Category Archives: London 2015

London/Paris — 16 September 2015

Off to Paris! The packing up took just under 2 hours–good information to know when we pack up to go home in 2 weeks. (But please don’t make me think about going home yet!) Our host, Benjamin, comes by before we leave and returns our deposit of 100£. That means we now have to get rid of these British pounds! We’ll pay the cabbie and then exchange them in Paris because we ain’t coming back here to use them.

Our cabbie was from Somalia and he was a very genial fellow. He was also a VERY well-informed member of the world. He had a good grasp of American politics and talked about pretty advanced economic theories. He was way ahead of me and he’s making a living as a cab driver. It was a pleasant and interesting drive to the train station.
Before we left on this trip I bought a couple of “knife safes” so we could bring good knives with us to use in the kitchen. I was pretty proud of myself when I thought to order them from Amazon and with our Amazon Prime I was able to get Sunday delivery. But I was REALLY mad when I could not find them the day we left! I did find them in London when I unpacked my suitcase which made me even madder at myself for not remembering that they were there. BUT I was happy that my memory is somewhat failing me because we discovered that we could not carry any knives over 3″ in length on the train to Paris. So if I would have remembered where the knife safes were and if I would have brought the knives, we would have lost them. (And they would have been our nice, expensive knives.) So now I think I’m brilliant!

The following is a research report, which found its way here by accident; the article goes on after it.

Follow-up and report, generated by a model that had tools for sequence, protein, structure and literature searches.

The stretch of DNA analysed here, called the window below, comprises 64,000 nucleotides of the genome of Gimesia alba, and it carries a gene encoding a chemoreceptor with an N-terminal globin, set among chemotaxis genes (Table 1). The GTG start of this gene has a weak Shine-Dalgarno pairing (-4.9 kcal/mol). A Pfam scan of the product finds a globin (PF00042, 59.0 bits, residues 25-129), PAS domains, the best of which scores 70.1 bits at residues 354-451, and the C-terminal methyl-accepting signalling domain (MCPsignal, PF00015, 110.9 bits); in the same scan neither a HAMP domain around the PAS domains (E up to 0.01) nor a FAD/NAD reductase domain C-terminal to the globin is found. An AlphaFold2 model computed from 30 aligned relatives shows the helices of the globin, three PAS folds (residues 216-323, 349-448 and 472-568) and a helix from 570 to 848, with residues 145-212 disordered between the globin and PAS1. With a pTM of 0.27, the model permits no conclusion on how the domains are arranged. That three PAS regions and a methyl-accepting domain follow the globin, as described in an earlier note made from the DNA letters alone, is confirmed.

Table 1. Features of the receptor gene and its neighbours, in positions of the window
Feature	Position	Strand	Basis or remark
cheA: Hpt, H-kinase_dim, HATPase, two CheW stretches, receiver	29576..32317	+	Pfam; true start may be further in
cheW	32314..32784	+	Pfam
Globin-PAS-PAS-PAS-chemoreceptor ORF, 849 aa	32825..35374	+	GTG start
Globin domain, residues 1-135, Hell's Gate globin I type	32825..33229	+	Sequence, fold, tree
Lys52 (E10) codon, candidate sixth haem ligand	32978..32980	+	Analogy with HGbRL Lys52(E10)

Howard fortunately had read thoroughly about the procedures at the train station. He made sure we got to the security line and through immigration and customs in good time. The train trip through the Chunnel was easy and fast. And, no, we did not see any fish! Our driver eventually found us at the Paris station after a few back and forth phone calls. I finally realized all I needed to tell him was that we were in front of the #5 voie (platform) which I could read off the sign in front of me.
The Paris traffic to our apartment was a mess! He dropped us off in front of our apartment door and successfully got us into the foyer. We said “Merci, au revoir!” And then quickly realized we could not get through the second security door. We were in luck; he had not yet pulled away from the curb. He showed us that we needed to place a magnetic key ON the apartment registry list–we never would have figured that out but apparently it is a usual thing here in Paris.